Dyeing for Color


A couple of months ago a demonstration at my woodturning club prompted me to start experimenting with dyes.   Dyeing and coloring is one of those subjects that can be pretty intimidating.  There are so many colors out there where do you start?   Well, my first step was to buy myself a color wheel.  I also spent some time researching what type of dyes to start with and eventually settle on TransTint Dyes.  The next step was to decide which colors to buy.   After looking at the number of colors available and the cost of the dyes, I decided that I would just buy the primary colors and black.  I figured that with those colors I could mix any other color that I might want.

With that decision behind me I placed my order for a bottle of red, blue, green and black dyes.  While waiting for the package to arrive I took a trip to Harbor Freight and got some 8oz squeeze bottles.  I also went to Walgreens and got a small syringe for accurately measuring the dyes.  If ever you want to feel like a crack addict, going to the drug store and asking for a small syringe will do that for you.  Although they very kindly didn’t charge me for it, the kid at the pharmacy looked me over twice and also asked to see my drivers licensee before giving me the syringe!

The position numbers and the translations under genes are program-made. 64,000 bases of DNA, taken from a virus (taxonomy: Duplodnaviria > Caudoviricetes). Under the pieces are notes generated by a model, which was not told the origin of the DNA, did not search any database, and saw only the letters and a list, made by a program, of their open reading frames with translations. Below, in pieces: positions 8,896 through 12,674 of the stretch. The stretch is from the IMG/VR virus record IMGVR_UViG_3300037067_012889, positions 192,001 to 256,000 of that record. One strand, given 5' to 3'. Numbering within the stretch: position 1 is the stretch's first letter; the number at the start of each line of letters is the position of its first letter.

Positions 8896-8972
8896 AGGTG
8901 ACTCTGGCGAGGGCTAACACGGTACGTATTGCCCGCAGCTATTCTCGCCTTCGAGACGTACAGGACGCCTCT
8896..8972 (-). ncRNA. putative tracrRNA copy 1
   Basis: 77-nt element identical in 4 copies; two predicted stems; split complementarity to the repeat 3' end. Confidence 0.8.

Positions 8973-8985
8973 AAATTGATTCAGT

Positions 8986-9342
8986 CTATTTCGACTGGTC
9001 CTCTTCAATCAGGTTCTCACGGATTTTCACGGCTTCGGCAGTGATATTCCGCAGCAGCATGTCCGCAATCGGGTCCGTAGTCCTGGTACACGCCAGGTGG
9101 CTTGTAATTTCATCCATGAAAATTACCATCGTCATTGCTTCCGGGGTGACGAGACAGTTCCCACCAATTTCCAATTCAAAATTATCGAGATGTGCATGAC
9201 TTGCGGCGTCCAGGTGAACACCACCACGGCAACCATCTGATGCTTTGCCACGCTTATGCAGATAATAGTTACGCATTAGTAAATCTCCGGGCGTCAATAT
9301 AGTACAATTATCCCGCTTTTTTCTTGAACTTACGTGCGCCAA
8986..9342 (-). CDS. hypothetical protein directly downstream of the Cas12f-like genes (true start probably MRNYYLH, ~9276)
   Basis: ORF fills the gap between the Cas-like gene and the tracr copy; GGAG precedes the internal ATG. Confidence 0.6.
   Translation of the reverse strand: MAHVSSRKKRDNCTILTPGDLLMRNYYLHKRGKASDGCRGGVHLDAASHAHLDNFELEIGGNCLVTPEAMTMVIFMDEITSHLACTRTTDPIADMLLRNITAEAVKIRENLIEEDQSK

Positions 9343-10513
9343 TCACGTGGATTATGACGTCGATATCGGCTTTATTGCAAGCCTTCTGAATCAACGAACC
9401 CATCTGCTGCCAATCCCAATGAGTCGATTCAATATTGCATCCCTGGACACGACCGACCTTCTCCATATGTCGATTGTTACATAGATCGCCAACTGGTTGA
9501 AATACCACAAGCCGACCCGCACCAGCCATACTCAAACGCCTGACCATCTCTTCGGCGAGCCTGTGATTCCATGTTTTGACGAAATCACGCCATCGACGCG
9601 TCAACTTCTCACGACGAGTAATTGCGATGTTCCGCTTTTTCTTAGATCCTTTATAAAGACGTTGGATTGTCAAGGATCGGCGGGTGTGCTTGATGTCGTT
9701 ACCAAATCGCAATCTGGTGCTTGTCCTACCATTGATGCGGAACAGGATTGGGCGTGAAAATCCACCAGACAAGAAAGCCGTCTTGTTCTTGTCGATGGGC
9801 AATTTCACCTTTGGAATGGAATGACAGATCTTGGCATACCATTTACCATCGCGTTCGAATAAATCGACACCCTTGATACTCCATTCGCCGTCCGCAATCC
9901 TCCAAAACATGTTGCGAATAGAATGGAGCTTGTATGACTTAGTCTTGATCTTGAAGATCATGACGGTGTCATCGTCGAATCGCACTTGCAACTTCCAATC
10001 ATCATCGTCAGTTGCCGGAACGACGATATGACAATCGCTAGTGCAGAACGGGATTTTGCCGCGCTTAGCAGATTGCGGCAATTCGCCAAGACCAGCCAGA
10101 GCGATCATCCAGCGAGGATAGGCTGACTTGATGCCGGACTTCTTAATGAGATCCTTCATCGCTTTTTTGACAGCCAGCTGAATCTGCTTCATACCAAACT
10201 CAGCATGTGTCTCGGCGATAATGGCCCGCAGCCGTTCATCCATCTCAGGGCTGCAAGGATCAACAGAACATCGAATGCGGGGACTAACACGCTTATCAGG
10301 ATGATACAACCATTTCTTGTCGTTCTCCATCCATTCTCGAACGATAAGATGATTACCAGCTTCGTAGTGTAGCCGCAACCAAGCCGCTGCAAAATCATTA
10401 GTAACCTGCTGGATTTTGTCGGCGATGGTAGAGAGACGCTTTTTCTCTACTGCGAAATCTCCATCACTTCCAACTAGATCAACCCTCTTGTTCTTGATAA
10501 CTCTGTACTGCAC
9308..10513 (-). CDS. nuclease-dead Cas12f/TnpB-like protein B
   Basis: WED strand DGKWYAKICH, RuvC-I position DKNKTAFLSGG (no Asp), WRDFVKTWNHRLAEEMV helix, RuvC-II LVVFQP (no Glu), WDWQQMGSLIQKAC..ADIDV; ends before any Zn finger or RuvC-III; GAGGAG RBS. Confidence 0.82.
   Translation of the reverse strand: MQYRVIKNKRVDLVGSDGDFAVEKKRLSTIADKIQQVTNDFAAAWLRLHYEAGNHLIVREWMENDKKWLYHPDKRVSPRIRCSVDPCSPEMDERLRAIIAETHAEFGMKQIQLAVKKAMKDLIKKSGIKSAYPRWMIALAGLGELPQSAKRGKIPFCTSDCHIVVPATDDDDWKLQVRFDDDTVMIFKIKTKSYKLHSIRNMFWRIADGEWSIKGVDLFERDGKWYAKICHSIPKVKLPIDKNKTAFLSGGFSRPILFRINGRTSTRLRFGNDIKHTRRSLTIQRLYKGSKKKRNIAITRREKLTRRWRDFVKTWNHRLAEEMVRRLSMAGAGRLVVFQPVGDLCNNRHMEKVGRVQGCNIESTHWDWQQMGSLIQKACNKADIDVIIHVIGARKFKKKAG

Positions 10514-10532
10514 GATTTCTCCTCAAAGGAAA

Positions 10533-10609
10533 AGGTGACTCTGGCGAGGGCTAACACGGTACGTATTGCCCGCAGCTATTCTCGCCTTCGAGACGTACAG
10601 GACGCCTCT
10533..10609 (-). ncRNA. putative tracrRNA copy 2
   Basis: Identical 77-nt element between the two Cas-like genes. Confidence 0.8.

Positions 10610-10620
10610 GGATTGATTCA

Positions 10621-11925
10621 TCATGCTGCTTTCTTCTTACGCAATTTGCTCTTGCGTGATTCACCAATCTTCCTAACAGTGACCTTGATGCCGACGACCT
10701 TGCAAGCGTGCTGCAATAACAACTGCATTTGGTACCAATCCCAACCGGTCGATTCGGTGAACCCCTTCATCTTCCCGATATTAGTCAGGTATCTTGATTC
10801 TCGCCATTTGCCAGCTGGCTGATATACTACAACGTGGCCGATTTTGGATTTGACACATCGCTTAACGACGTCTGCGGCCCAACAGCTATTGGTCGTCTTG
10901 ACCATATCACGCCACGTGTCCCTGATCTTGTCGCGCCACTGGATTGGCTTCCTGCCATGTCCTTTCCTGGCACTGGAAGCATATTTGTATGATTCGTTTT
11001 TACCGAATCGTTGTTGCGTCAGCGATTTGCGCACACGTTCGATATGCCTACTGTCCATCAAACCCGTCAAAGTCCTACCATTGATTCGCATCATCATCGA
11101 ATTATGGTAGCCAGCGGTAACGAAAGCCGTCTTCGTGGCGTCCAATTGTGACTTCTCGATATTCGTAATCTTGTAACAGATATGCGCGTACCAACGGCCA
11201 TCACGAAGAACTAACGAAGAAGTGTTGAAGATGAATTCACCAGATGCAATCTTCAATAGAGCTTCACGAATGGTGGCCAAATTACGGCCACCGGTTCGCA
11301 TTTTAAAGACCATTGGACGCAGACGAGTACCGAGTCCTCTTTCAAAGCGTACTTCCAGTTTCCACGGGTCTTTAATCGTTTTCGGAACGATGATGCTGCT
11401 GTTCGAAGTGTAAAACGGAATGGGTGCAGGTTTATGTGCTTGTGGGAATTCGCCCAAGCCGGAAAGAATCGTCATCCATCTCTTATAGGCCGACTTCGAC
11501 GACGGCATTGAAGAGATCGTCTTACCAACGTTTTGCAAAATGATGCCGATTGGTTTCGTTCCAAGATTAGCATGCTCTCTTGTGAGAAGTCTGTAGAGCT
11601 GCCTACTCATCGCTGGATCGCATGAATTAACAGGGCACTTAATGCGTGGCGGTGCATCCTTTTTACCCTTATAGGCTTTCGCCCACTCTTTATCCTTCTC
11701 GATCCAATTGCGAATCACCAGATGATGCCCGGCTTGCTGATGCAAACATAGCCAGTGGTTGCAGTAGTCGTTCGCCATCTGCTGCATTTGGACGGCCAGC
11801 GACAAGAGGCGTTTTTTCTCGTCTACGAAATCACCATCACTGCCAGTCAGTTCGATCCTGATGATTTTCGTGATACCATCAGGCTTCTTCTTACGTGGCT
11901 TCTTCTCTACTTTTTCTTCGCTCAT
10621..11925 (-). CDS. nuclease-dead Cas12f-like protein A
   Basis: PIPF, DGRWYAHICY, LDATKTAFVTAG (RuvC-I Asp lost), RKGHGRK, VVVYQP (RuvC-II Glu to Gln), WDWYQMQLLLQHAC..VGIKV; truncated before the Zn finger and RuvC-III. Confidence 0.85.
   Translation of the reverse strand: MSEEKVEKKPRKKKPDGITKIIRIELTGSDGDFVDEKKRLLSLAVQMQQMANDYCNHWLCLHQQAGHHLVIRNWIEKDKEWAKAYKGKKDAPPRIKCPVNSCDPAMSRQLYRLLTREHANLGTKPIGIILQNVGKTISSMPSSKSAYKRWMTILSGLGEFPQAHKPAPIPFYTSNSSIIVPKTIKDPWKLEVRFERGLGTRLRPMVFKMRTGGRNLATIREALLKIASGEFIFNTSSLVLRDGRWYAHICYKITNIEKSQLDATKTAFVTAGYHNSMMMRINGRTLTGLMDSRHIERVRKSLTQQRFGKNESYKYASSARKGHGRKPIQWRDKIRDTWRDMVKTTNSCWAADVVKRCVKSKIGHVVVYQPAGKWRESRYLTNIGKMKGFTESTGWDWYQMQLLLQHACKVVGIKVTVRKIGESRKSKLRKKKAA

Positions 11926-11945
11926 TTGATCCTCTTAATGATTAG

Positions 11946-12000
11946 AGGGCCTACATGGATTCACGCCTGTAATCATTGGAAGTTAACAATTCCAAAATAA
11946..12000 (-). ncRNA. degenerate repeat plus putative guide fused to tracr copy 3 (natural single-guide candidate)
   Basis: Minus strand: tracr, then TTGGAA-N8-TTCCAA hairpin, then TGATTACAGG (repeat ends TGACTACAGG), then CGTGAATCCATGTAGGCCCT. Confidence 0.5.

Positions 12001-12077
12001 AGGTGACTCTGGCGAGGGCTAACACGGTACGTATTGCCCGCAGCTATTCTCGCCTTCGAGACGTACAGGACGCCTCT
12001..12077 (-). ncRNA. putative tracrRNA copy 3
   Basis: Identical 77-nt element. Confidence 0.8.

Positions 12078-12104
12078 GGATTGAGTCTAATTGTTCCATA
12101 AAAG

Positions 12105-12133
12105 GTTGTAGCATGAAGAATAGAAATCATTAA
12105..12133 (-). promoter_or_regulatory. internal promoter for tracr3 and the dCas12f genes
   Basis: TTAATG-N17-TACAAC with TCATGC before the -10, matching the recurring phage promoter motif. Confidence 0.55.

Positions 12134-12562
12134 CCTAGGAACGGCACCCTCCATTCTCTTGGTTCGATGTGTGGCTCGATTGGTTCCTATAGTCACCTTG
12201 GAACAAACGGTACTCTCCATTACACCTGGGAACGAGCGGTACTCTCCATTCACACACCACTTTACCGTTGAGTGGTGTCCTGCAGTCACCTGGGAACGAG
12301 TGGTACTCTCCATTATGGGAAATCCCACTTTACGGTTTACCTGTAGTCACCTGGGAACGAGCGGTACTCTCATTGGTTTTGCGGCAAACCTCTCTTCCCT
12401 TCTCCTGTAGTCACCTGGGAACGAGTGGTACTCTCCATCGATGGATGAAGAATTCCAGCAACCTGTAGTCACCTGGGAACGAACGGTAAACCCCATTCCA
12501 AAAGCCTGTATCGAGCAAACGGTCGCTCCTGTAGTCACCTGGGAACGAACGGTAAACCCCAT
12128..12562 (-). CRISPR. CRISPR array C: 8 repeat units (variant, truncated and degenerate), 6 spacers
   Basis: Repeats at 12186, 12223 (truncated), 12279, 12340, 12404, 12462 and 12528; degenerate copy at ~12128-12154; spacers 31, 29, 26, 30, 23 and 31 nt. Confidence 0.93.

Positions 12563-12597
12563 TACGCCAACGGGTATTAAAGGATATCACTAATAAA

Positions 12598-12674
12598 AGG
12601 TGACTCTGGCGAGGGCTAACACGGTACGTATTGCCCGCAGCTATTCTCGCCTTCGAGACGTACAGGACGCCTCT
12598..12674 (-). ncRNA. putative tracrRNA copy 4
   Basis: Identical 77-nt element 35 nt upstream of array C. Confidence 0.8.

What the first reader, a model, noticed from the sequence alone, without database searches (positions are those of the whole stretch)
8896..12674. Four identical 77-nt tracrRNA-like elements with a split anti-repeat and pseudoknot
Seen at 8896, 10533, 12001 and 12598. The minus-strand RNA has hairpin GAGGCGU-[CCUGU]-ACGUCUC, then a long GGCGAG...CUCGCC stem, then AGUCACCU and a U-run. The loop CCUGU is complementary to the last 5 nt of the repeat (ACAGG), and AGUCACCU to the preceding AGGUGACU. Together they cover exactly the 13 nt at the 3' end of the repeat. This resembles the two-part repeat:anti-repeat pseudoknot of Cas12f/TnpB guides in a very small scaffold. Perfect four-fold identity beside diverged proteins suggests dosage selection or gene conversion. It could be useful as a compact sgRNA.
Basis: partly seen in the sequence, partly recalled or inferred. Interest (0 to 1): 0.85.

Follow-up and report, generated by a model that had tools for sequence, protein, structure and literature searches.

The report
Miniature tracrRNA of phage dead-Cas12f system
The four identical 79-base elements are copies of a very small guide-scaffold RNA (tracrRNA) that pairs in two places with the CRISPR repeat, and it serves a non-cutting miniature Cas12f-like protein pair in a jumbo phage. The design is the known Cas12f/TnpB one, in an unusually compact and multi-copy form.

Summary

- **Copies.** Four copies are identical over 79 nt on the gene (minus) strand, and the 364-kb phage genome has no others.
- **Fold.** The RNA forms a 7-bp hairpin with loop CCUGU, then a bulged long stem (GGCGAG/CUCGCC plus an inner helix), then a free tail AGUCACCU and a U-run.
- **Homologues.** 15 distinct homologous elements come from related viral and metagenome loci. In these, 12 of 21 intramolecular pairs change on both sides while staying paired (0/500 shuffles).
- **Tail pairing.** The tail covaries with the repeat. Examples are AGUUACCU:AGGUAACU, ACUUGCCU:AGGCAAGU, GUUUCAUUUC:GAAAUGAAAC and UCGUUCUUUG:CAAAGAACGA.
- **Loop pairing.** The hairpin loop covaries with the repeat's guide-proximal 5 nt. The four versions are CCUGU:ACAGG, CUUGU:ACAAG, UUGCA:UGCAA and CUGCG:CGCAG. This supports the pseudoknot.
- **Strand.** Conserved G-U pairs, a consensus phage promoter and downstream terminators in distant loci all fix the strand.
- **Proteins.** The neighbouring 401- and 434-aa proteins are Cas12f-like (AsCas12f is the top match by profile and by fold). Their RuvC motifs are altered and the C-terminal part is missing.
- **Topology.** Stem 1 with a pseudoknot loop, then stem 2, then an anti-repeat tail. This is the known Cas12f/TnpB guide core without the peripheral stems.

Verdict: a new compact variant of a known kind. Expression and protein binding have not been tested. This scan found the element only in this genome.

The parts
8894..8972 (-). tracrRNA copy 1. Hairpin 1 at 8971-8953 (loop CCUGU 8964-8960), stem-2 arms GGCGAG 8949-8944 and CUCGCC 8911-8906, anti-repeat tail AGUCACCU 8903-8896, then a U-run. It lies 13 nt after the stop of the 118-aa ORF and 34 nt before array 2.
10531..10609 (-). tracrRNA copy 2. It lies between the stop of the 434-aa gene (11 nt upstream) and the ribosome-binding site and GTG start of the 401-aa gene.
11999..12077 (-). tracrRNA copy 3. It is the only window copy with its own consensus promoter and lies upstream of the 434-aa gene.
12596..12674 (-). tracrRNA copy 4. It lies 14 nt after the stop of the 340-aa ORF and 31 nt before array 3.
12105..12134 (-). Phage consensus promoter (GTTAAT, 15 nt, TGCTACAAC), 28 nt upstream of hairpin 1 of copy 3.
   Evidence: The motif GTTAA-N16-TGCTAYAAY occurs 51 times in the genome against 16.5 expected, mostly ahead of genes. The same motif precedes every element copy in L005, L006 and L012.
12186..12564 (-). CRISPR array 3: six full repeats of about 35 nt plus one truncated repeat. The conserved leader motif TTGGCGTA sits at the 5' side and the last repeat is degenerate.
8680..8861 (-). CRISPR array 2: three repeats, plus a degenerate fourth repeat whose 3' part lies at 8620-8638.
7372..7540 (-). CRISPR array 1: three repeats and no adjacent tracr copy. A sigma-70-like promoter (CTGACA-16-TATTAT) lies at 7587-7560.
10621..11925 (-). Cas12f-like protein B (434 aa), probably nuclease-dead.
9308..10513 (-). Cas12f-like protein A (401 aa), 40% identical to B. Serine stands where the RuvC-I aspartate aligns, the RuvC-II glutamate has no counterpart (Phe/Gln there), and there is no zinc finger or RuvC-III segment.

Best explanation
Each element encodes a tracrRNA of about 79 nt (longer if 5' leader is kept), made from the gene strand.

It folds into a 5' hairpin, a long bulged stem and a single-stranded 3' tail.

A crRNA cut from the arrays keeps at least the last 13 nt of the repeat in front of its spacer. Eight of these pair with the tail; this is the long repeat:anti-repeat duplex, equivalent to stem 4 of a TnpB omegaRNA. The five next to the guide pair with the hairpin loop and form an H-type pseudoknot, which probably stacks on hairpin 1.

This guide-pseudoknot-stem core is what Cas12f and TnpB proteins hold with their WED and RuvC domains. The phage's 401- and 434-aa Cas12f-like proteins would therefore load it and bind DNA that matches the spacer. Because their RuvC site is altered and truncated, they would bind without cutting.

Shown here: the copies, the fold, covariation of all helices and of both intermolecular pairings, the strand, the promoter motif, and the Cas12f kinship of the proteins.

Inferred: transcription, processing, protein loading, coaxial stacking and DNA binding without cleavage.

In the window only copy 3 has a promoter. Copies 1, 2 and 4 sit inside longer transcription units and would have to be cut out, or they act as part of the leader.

The package of dyes arrived and, feeling like a mad chemist, I opened it up ready to start mixing.  Well, who knew that green is not a primary color!!!  I guess if I’d taken the time to really look at the color wheel I brought I might have know.  Apparently the laws of physics/chemistry weren’t going to be changed just because I had brought the wrong color dye, so a trip to my local Woodcraft and I had a bottle of yellow dye to add to my collection.  (“My local Woodcraft” is a relative term here involving a three hour return trip).

My plan was to mix up a “master” bottle of the three primary colors, red, yellow and blue, and then use those to mix up “master” bottles of the secondary colors, orange, green and violet.   From these six colors, along with the black, I figured I could mix up any other color I wanted on a “as needed” basis.


TranTint dyes can be mixed with water or alcohol.  They can also be added to common finishes including shellac, water based lacquer and polyurethane and most oil based finishes.  I chose to mix the dye with a 50/50 solution of denatured alcohol and lacquer thinners.  This would have the advantage of not raising the grain of the workpiece.  The one disadvantage of doing this is that the solution dries very quickly after application.  As you only get an idea of what the final color will look like when the dye is first applied and wet this does not allow for much time to see if the color is to your liking.

The dyes need to mixed in the following proportion, 1 oz of dye to 1 quart of water or alcohol.  If you’re not interested in doing the math, this came to 7.5 ml of dye to be added to my 8 oz solution of alcohol and lacquer thinners.